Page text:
So much of storytelling is rooted in convention. It’s a lot like that old say, “Give the audience what they want just not how they expect it.” What the audience wants is often quite simple – a hero victorious, lovers reunited, the dog is safe, and so on and so on. Earlier this year, Gabrielle Union starred in a thriller called Breaking In from V for Vendetta director James McTeigue. It flipped the typical home invasion movie on its head, with its protagonist locked out of the home where the criminals have taken her children hostage. Unfortunately, Breaking In is extremely rooted in the conventions of its genre with the slight alteration to the premise. There’s not much within Breaking In beyond its surface level twist on a well-worn genre that makes it stand out.
Shaun Russell (Union) has just lost her father in an accident. Unbeknownst to her, though, Isaac Russell (Damien Leake) was just the victim of a murder, struck down by a car while on his morning jog. Though estranged from her father, Shaun takes her two children Glover (Seth Carr) and Jasmine (Ajiona Alexus) to her father’s secluded home with the intention of settling his estate and selling the home. Once again, though, Shaun is unaware that there are more nefarious actions happening around her, as the house has already been invaded by a quartet of criminals led by Eddie (Billy Burke). While Shaun was outside, the bad men take the children hostage and utilize the home’s massive security system to lock the worried mother out of the home. Now the only to save herself and her children is by Breaking In.
I’d categorize Breaking In as a disappointment because it seems like it really had the ability to be something more than a slight variation on a tired genre. That’s not to say that the film is an unmitigated disaster or anything. It’s more to say that it could’ve been more than simply basic. McTeigue brings a steady journeyman’s direction to the film. It’s the kind of sturdy direction that’s never showy or flashy but still holds together the basic elements of the film. The script by Ryan Engle from a story by Jaime Primak Sullivan, however, is so lacking in character depth or originality that it’s entirely up to the cast and the director to inject Breaking In with all of its life. Credit to Gabrielle Union who really brings her A-game as the desperate mother, but the script is too overwrought with clichés and conventions that neither the lead actress and producer nor the veteran director can elevate the material beyond a serviceable, predictable thriller.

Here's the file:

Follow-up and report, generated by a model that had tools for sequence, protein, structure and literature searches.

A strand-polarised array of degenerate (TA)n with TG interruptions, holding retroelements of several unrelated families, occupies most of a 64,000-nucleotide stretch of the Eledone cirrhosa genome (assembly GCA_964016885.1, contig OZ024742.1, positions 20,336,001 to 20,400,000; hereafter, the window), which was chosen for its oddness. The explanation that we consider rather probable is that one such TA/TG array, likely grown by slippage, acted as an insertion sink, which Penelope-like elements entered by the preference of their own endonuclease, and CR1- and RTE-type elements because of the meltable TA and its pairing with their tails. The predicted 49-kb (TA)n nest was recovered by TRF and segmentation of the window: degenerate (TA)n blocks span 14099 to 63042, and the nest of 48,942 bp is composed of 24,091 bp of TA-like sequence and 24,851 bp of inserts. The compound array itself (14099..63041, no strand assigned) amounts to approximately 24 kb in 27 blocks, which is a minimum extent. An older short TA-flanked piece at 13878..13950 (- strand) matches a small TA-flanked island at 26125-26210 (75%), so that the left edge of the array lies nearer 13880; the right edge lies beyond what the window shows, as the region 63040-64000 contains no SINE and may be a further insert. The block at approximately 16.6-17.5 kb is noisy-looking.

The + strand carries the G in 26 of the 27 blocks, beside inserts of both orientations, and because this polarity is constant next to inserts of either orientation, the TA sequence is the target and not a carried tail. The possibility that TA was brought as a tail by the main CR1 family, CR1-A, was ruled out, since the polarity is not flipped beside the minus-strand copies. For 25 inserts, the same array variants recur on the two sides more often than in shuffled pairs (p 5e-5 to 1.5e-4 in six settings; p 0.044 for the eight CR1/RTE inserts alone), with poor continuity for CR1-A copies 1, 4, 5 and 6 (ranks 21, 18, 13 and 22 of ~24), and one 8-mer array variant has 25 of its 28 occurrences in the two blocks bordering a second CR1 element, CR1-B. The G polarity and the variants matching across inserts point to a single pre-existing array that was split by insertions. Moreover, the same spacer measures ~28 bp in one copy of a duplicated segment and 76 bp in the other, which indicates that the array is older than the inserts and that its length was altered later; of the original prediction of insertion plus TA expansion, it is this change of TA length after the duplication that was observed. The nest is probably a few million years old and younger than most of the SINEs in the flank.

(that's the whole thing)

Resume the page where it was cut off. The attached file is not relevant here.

The Blu-ray for Breaking In features two cuts of the movie – the theatrical cut and the unrated extended cut. (Disclaimer: I only watched the theatrical cut.) Other special features on the Blu-ray include audio commentary with director McTeigue and screenwriter Ryan Engel, a number of featurettes on the making of the film and its characters, as well as a plethora of deleted and extended scenes, including an alternate opening scene to the film. All in all, it’s a pretty robust set of features considering most new releases on Blu-ray are lucky to get a featurette or two with maybe a couple of deleted scenes at best.
Breaking In a B-movie that more or less achieves what it sets out to. However, that streak of predictability that runs through James McTeigue’s thriller undermines it as it’s too often rooted in the conventions of its genre. There aren’t enough surprises in Breaking In to make it anything more than a passable B-movie. It’s just frustrating because it’s just a few twists and turns away from being a more satisfying pulp adventure.